Episode summary: Imagine you work in a large organization with tens of thousands of employees across multiple countries, a business that’s been around for over a hundred years, and all of a sudden you have people in one department who are interested in applying chatbots, colleagues in another department who wish to implement sentiment analysis and still another department that wants to begin using AI for fraud and risk analysis. How do you manage to put all these pieces together?
That is exactly the situation that Muriel Serrurier Schepper found herself in. Muriel is the Business Consultant Advanced Data Analytics & Artificial Intelligence at Rabobank in Naarden, Netherlands. In this episode, Muriel and I discuss the Artificial Intelligence Center of Excellence at Rabobank, where she manages projects and has connected ad virtual and physical team across the company which is comprised of over 60,000 employees spread across the world.
The role of this interdisciplinary team is to make sense of artificial intelligence applications, find the right vendors for these applications and make the most intelligent decisions about projects and allocation of resources for the company as a whole. This allows the company to make, broader, stronger decisions across multiple departments rather than having each department use AI independently. In this way, AI becomes a driving force for the company rather than just a novelty.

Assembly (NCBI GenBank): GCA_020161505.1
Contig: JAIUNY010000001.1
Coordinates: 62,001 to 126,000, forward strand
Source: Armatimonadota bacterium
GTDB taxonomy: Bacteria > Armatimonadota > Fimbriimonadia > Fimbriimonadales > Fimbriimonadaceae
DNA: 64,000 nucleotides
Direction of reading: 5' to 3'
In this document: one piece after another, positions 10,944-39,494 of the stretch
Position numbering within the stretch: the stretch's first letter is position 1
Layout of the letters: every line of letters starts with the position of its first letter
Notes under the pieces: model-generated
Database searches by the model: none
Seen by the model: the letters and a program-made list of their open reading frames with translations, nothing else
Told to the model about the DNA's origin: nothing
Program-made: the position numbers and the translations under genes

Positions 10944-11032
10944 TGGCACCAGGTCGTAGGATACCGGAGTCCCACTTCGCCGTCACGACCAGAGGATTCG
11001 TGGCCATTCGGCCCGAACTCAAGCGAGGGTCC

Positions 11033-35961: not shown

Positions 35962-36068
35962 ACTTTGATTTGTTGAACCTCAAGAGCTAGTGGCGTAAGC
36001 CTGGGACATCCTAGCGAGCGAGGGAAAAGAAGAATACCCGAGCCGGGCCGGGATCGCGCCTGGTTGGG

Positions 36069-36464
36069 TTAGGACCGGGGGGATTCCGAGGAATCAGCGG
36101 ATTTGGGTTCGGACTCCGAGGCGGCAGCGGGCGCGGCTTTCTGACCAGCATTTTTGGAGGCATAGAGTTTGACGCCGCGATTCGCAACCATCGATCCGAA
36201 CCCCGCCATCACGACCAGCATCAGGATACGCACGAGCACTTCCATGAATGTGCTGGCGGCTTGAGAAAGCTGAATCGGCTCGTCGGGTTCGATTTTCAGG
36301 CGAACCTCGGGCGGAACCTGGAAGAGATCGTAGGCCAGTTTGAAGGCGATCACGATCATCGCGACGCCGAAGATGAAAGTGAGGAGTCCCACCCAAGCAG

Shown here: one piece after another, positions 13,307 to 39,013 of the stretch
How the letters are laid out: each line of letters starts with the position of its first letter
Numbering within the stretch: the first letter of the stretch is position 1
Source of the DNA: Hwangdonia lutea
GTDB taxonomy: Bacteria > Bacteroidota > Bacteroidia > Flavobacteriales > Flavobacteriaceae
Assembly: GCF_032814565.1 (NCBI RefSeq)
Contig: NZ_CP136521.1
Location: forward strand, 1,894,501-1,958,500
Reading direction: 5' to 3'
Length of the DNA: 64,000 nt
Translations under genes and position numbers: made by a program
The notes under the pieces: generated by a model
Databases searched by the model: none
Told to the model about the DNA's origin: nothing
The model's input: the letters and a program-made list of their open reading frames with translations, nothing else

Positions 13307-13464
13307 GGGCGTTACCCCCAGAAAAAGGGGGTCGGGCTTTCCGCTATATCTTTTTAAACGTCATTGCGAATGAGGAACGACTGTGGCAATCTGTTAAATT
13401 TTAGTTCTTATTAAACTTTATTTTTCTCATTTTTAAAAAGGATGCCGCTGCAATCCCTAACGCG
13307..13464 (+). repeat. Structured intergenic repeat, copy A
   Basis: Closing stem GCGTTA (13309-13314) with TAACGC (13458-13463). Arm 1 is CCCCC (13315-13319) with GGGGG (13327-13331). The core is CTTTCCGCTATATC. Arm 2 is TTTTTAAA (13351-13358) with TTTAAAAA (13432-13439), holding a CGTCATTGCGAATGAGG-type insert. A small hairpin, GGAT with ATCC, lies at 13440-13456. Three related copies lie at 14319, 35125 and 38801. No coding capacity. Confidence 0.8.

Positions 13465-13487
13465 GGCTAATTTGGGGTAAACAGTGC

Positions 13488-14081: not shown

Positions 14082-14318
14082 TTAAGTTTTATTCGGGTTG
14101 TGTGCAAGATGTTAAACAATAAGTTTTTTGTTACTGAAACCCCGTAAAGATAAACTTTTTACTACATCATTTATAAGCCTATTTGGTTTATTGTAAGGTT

We were put in touch with Muriel through a kind connection from KNect365, a publishing and events firm based in London.
(Readers with a strong interest in the banking space may be interested in reading our full “AI in Banking” article from earlier this year. The article includes assessments of the the AI applications and initiatives of America’s top 7 banks – ranked by revenue.)
Guest: Muriel Serrurier Schepper
Expertise: Setting up an Artificial Intelligence Center of Excellence (AI Cell).Generating an AI project pipeline: a.o. RFI’s artificial chat & Automated Speech recognition. Managing AI projects: Artificial chatbots, IBM Watson Explorer projects, Pepper Robot projects. AI research projects: Enterprise Crowd Sourcing (TU Delft and IBM Center of Advanced Studies) and Techruption projects. Inspiring internal and external people about Applied Artificial Intelligence (AI) at external conferences and internal workshops and events.
Brief recognition: Muriel Serrurier Schepper is currently the Business Consultant Advanced Data Analytics & Artificial Intelligence at Rabobank Digital Bank in Naarden, North Holland Province, Netherlands.
Bringing AI applications into a large business is an orchestrated effort across departments, requiring an alignment around a company’s needs – and an assessment and allocation of it’s data science / AI talent resources
It may be important for large, well-established businesses to develop some form of “AI center for excellence” in order to implement AI usefully. This entails bringing together a virtual team of experts for each department. For example, in banking this may mean experts from customer contact, fraud and risk management, and data analysis. This prevents the needs for and the implementation of AI solutions from becoming fragmented throughout the company.
The value factor here lies within establishing a team which can work together to asses the need for AI across the company network and then make informed decisions about which solutions can help multiple departments. This makes the most of company knowledge and experience as well as available resources.
Insight to Action: How can other big enterprises implement this idea? Below are some of the points and principles that Muriel highlighted as most important in her own experience:
- By creating a multi-disciplinary team: When creating a center of excellence, one of the initial and most important steps is to put together a team of experts from each department so you can discuss the needs for and implementation of AI across the whole company.